Fort Lauderdale, Florida-CNN has concealed the name of a perpetrator of “paternity fraud”. Why?
Francisco Rodriquez is the victim of an ordinary case of paternity fraud. The state of Florida insists that he owes $10,000 in back child support payments for a fifteen year old girl who, according to DNA results, is not his daughter. The state even jailed Rodriquez for failure to pay.
Here is my twist on this otherwise ordinary case: In reporting this story, CNN refused to divulge the name of the mother — a perpetrator of fraud who wrongly named Mr. Rodriquez the father. Why did CNN protect her? She is not a victim. She is a perpetrator.
Mr. Rodriquez is struggling to support a family and cannot afford to pay $305 per month to support the girl. Mrs. Rodriquez says “It’s hard when your daughter needs sneakers and you have to pay $305 or your husband goes to jail. It’s just unfair.”
We call on CNN to reveal the name of the mother, as they would for any other story involving fraud.
Okay, for those of you who do not understand paternity fraud, here’s how it works. The mother wrongly named Mr. Rodriquez the father of the girl in about 2000. The court sent legal papers to an outdated address for Mr. Rodriquez, but no serious effort was made to find him — until, of course, substantial child support arrearages had built up three years later. When he did not appear in court, because he never received the legal notices, the court named him the father and began accumulating child support arrearages. When they found him in 2003, it was already too late for him to contest the finding of the court in 2000 that he was the father., based only on the mother’s say-so. All the DNA tests in the world will not get him off the hook now for paying child support, and even from being jailed.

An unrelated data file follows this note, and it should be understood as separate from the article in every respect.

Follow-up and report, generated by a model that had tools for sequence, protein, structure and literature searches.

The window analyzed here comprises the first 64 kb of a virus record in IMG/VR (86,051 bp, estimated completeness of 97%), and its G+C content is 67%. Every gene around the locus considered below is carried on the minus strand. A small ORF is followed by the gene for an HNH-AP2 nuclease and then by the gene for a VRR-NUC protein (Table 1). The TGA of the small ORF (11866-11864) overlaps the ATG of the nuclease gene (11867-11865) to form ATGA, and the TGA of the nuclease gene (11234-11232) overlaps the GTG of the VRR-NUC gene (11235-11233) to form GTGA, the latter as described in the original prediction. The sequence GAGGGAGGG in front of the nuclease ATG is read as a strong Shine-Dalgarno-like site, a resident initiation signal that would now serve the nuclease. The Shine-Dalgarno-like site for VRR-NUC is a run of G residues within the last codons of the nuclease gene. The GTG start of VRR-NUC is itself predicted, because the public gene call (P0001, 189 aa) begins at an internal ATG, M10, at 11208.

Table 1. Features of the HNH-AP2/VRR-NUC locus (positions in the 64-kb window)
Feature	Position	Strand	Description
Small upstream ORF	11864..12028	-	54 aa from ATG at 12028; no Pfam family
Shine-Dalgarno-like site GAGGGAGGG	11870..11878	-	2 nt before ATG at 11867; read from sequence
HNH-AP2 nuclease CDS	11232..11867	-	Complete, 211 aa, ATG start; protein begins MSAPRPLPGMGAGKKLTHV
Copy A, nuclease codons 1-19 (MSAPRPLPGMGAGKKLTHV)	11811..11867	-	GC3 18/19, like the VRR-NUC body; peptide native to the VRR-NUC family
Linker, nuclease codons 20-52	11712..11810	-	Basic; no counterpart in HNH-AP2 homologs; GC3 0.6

This story is not just about helping out a fifteen year girl in need. By insisting that Mr. Rodriquez pay child support for this girl, Florida is hurting the three other children Rodriquez supports with his wife.
Of course, this does not stop the apologists for an unjust law. Susan Paikin of the Center for Support of Families in Delaware offers the platitude, “There are no perfect answers.” Actually, there are some simple answers, such as 1) insist that unwed mothers disclose ALL the possible fathers of their children; 2) institute universal DNA testing at the time of birth if the parents are unwed; 3) make a serious attempt to find biological fathers at the time of birth, not just after they owe child support arrearages, at which time our government suddenly becomes very interested in finding them. (Fathers & Families supports a bill in the Massachusetts Legislature that would institute near-universal DNA testing in such cases.)
DNA testing did not exist when these laws were written. Let’s use it for everyone’s benefit. It is best for children if we identify their true biological fathers right from birth, for medical reasons and so they can enjoy the lifelong support of their true fathers.
And finally, why should CNN protect a mother who outright lied, or, at the very least, failed to tell the whole truth about the father of her child?